Tyrone Mings will be forever grateful to Mick McCarthy for giving him his break in professional football, though as a 19-year-old desperate to get noticed he admits he nearly soured his relationship with the Ipswich manager on day one.
Ipswich signed Mings for a modest £10,000 in 2013, plus an agreement to play a friendly against the club he was leaving, Chippenham Town. McCarthy arranged a trial game to watch the defender and after an hour reckoned he had seen enough so brought him off before the end.
Mings was furious, letting McCarthy know exactly what he thought as he made his way off the field. “I didn’t know he had already made up his mind to sign me, I was just mad at not getting a full game,” the Aston Villa centre-back says. “I had played for Chippenham on the Saturday, that trial game was on the Monday and I got a knock on the knee in the second half, so I was probably hobbling around a bit, but no one wants to come off in a trial. I was working full-time back then, it was an effort to fit everything in, and I thought this might be another chance slipping away.”
It turned out otherwise, though there are still a couple of unusual twists in the Mings story. Far from pursuing his footballing dream as an escape from the dreary confines of the factory floor or building site, Mings’s day job back in 2013 was as a mortgage adviser. Not only that, he enjoyed it. “I was very good at it,” he says. “Perhaps better at it than being a footballer. That’s the way I saw my life going, I was putting everything into a career in financial services. I didn’t have a mortgage at the time, but I took qualifications and did a few exams. I was earning good money and working with real people. I was perfectly happy but I knew I had to find out about the football thing or risk being disappointed for the rest of my life.”
Mings is not disappointed now. After playing a part in Villa’s promotion push last year while on loan from Bournemouth and then joining the club permanently for their first season back in the Premier League, he has stepped up to the England squad and is now looking forward to his first cup final, Sunday’s Wembley meeting with Manchester City.
City are seeking to win the tournament for a third time in a row while Villa dropped into the bottom three on Saturday because of others’ results, but Mings is undaunted. “I can’t wait, it will be a welcome distraction from the league,” he says. “We have eight days after the final until we play again so I don’t think it will impact on our league form.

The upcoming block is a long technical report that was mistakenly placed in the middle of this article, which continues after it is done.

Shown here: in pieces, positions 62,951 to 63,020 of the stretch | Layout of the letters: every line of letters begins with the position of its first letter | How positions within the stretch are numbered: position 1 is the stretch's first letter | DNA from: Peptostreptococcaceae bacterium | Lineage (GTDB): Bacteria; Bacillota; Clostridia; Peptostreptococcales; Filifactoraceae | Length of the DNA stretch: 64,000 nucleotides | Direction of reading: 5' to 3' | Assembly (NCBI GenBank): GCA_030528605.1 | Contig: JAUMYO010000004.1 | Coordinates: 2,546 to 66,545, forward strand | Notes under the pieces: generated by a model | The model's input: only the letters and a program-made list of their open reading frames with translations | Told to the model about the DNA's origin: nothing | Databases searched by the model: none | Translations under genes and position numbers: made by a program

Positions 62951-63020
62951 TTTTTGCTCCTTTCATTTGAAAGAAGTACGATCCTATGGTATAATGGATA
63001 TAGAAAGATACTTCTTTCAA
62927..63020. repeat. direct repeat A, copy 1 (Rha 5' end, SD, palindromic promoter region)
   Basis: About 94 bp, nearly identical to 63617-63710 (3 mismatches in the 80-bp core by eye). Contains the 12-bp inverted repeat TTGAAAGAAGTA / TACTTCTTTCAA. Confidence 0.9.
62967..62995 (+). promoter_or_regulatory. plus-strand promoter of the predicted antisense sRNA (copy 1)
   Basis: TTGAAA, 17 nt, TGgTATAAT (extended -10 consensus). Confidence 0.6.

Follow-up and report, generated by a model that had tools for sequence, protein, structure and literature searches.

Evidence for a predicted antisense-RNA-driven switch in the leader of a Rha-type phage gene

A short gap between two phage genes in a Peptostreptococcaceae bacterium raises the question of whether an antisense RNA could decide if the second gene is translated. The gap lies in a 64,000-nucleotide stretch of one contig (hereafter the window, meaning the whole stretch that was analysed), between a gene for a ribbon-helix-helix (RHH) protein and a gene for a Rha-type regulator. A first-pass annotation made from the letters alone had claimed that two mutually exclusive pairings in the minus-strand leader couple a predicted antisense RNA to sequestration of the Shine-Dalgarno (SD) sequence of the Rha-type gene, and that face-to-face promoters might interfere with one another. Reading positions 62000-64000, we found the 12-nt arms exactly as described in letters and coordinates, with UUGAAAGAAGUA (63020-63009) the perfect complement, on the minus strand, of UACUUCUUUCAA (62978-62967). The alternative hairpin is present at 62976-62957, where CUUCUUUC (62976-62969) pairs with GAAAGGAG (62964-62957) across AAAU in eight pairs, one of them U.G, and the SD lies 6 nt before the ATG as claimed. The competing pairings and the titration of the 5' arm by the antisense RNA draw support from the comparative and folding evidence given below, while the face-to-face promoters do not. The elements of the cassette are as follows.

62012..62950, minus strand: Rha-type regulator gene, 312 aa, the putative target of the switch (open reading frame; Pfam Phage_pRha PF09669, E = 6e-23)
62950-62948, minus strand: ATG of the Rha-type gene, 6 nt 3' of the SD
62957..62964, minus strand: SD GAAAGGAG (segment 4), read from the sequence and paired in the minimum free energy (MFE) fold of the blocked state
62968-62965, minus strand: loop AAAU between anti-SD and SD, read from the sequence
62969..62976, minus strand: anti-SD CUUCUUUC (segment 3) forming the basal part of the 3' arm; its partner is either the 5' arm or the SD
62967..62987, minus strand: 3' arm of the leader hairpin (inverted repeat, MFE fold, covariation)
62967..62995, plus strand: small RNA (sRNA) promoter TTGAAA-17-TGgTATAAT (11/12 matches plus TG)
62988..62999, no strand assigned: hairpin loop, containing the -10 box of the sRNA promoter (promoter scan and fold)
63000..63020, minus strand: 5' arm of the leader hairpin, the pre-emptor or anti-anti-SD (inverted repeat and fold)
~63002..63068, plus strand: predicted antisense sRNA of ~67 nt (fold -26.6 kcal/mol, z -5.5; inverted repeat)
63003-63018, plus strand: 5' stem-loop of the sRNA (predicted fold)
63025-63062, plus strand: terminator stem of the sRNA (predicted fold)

“We are massive underdogs but we have to see that as a challenge, an opportunity to prove we can mix it with the big teams and give a good account of ourselves. On the day you never know what might happen.”
With Villa that is particularly true. Impressive at times this season, unlucky on other occasions and downright woeful at Southampton a week ago, they have struggled for consistency. “Southampton was about as bad as I’ve been involved in, and I’ve been in some bad games,” Mings says.
“The manager didn’t spare our feelings at half-time and we were better in the second half, but that’s not saying a lot. The first half wasn’t a very good yardstick for how we want to play.
“Our inconsistency is the most frustrating thing, it’s almost like we know that we can do it at the top level but we’re not doing it often enough. If we were we wouldn’t be in the situation we are in, but we have a lot of players who are new to the division, playing regularly in the Premier League for the first time, and I include myself in that.
“I’m not offering that as an excuse but it might just be a reason for the inconsistency. I’m not sure many other teams at this level would find themselves with six, seven or eight players all trying to learn on the job. It’s not ideal but we have to learn quickly.”
Villa have played City twice this season and the aggregate score is 9-1 in the cup holders’ favour. City picked up every domestic trophy on offer last season, while Villa have not won any of the major prizes since 1996. “It’s going to be tough, there’s no hiding from that,” Mings says. “But it is still a fantastic opportunity, and we certainly won’t be making the mistake of underestimating our opponents.
“We know we have to bring our A game to Wembley because anything less could lead to embarrassment, perhaps it would be harder playing against someone we might underestimate.
“We know we have to control our performance and our emotions too, because a lot of us are playing in a cup final for the first time. We’ve got a captain [Jack Grealish] who has played in a few, an assistant coach [John Terry] who has played in a hell of a lot, but everyone else has to work out a way to cope with the pressure for themselves. You quickly learn that football is a team sport that is all about individuals.”